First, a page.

Every time I hear the word 'tradition', it doesn't take very long before I recall our dogmatic Tevye and his ultra-orthodox village ranting about their all-important religious traditions. Well, I might not be at the faraway Russian steppes but the Koreans situated on the other side of the world feel pretty much the same.
In fact our endlessly enthusiastic host lost no time after our arrival
to organize a traditional music evening strictly for our enjoyment. Something that singularly unnerved me since I can hardly bear sitting through a torturous night of clanging instruments without a single singing voice to distract me.
Really. I don't do instrumental music.
Had the prerequisite ten years of endless piano lessons - at least counted as essential for all good Asian boys - but I still can't sit through an entire recital without nodding off. Well unless there's something that stirs the blood like Tchaikovsky or Paganini!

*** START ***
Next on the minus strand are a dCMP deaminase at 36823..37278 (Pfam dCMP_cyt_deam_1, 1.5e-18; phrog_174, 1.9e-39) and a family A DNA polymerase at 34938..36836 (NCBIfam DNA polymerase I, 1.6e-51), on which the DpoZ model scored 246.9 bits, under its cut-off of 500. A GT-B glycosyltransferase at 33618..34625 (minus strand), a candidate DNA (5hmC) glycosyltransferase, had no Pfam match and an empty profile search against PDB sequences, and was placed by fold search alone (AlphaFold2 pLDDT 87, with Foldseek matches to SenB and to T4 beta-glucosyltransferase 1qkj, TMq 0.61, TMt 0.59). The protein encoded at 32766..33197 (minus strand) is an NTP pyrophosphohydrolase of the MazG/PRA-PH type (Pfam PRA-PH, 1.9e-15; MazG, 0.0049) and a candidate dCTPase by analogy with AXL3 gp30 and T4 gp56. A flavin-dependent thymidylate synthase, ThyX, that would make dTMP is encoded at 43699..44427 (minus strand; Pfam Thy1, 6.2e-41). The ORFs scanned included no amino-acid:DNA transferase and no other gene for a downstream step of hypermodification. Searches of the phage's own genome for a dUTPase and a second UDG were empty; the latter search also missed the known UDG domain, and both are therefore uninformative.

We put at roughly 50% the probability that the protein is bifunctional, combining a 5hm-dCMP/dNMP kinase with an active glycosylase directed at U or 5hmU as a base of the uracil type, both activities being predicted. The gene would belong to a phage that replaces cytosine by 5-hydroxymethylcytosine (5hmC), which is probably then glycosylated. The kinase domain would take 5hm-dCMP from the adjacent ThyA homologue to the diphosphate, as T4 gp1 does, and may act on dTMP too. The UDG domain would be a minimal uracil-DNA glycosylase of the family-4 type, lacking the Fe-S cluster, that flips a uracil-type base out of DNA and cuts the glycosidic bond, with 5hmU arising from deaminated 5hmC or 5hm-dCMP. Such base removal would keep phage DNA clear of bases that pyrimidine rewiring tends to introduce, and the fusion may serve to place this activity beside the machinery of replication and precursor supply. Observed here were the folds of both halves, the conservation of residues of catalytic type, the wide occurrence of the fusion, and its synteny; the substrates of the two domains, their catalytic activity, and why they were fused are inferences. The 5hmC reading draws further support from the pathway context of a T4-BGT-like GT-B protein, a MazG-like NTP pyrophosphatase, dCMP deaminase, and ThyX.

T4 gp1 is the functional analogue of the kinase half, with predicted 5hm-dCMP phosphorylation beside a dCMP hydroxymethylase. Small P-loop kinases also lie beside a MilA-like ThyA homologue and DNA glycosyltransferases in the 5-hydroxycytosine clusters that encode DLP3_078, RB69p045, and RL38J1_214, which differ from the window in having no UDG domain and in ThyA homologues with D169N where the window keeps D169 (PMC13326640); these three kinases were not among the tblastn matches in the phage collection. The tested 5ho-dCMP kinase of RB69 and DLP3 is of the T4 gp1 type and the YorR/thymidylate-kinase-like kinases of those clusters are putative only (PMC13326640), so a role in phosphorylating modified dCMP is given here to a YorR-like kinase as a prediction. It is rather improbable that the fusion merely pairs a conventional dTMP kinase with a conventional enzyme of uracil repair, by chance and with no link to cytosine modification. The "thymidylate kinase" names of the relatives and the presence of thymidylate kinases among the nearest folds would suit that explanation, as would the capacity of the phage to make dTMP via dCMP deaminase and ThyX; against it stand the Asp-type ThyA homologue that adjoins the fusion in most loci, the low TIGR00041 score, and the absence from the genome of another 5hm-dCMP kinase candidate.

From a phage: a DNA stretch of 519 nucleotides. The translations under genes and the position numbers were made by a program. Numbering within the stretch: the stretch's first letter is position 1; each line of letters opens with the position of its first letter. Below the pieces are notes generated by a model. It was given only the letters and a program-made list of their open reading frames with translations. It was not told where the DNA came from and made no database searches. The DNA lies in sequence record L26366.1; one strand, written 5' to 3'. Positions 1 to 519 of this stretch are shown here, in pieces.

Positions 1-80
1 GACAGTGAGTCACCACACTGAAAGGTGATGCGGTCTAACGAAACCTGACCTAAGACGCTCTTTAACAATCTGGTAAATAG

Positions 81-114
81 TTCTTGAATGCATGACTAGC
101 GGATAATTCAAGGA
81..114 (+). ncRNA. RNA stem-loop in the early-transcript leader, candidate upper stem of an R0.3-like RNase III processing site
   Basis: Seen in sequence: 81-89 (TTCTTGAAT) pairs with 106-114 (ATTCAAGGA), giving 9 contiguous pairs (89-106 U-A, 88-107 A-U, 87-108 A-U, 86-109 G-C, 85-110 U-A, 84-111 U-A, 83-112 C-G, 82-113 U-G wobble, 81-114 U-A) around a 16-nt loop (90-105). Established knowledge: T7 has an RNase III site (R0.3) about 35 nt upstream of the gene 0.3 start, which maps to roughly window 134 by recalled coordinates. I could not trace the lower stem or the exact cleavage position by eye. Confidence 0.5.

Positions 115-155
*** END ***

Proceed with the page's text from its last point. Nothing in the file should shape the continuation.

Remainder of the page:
So to my encouraging host, I did my best to stall for time by hemming and hawing, only to be beat by our Charming Calvin who found himself simply dazzled by the detailed description given of the gayageum
s and geomungo
s. Easily convinced that fellow.
|Dammit I don't want to listen to traditional music!!|
Which is how I ended up dressed
to the nines for the evening concert. I wasn't entirely wrong about the music though.
Calvin : Enjoying the music now?
Paul : You must be kidding. Sounds like someone chopping wood.
Calvin : Not even a bit?
Paul : If I were king, I would have decapitated the entire lot, possibly razed the entire village down, all for hurting my ears with such horrible cacophony.
Calvin : Aiyo!
Paul : I might save the drum fellow though. He is cute. Bed slave material.
Sorry to say I'm still not a fan of traditional music, at least not the usual kind hauled out to bore the starched-up courtiers into a submissive stupor. Most times throughout the night I was thankful I had sufficient makgeolli
- a wonderfully sweet rice wine - to bear me through the ordeal.
Perhaps if the traditional music was a lil jazzed up in a modern way perhaps. Maybe with a voice or two. Such as the new age Korean band Infinity of Sound here.
Or maybe pansori
- basically storytelling through music and words - a brief segment of the evening that I enjoyed most of all. The talented storyteller sings out her tale with the help of a trusty fan and a fellow musician beating a drum.
Though I understood barely a word, even with the hastily whispered translations from the host, the plot came through quite clearly through the studied nuances in the storyteller's tone, expression and movement.